Newspapers on Monday read about Romania’s bad image in the German press where arguments arise the country's place is not in the European Union.

Also in the papers today, Romania’s richest businessman, Dinu Patriciu has said he was ready to finance both the Liberals and Social Democrats for the upcoming elections.

Another newspaper reads about the dull character of the European Parliamentary campaign that has just started in ROmania.

Romania Libera reads that the prestigious German daily Frankfurter Allgemeine Zeitung imagines what if Romania and Slovakia hadn't already joined the European Union. Neither country fulfills the requirements to join the Union, it writes.

Editorialist Karl Peter Schwarz gives accurate details about Romania’s political situation, criticizing the current government. Justice minister Tudor Chiuariu is also in spotlight for trying to stop the investigations against the political class.

Schwarz argues that the main problems with the Eastern European countries are not related to their capacity to adapt to the market economy or the risks of accepting authoritarian rulers. Their main problem is that incapacity of the elites to learn by experiencing and adapt to the new political spectrum, he writes.

Moreover, the Liberal government is harshly criticized for trying to stop all undergoing reforms that lead to Romania’s integration in the European Union.

When talking about Romania’s possible regressions, the German daily reads that a return to dictatorship is out of the question, as democracy is very popular still. Plus, the author argues that what Romanians disapprove of are the high corruption cases, abuse of power and the overall political failure of the elites.

Elsewhere in the news, Romania’s richest businessman, Dinu Patriciu is ready to finance what he calls the most stable political parties in the country, Evenimentul Zilei reads.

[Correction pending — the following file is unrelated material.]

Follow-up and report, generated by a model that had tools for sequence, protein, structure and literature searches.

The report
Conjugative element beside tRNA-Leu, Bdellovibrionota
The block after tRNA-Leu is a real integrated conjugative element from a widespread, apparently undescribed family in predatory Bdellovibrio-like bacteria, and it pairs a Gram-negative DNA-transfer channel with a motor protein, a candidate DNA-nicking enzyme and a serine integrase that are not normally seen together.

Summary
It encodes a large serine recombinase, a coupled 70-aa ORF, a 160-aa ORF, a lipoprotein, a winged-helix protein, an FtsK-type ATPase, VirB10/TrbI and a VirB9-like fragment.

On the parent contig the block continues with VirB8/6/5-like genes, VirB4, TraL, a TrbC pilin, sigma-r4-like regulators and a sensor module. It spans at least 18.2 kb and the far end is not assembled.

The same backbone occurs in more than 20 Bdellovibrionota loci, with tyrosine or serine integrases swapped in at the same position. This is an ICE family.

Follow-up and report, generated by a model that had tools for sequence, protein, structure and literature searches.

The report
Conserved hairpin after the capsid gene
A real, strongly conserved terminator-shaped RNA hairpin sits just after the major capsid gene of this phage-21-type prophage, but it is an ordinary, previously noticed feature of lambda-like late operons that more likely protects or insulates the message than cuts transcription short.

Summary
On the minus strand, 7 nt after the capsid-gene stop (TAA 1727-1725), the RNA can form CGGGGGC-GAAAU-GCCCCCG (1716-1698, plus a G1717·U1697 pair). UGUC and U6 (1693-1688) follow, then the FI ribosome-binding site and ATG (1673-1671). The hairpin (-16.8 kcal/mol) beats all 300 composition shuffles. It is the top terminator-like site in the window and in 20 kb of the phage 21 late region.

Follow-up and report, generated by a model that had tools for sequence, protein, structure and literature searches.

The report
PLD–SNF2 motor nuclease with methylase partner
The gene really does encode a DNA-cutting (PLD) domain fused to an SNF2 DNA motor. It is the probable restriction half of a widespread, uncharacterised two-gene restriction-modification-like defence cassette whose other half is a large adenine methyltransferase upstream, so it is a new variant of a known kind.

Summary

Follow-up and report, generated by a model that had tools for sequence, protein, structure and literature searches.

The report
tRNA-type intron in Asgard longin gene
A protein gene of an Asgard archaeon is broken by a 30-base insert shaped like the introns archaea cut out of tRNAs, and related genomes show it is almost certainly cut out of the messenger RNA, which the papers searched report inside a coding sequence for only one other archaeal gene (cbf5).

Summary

Patriciu considers that Romania’s political scene needs a stable coalition that can foster change and economic development. Thus, he puts forward two parties that are historically antagonistic, namely the Liberal party and the Social Democratic one.

The businessman argues that a coalition of the two would be suitable for Romania’s further political development.

Patriciu is well known both for his financial gifts to the Liberals and his friendship with important Social Democratic members.

However, Romanian PM Tariceanu refused to comment Patriciu’s press declarations. His reaction is explained by the newspaper as a normal one, since he refuses to have his party associated with those of the Social Democrats now that European Parliamentary campaign is rolling.

Talking about the campaign, Cotidianul reads about its dull character. All the parties reach high, promising a lot but failing to comply.

The newspaper notes that parties did not succeed in setting up the electoral ads, not even their TV ads yet. Moreover, most political parties rest upon the image of the candidate rather than on the electoral program they offer.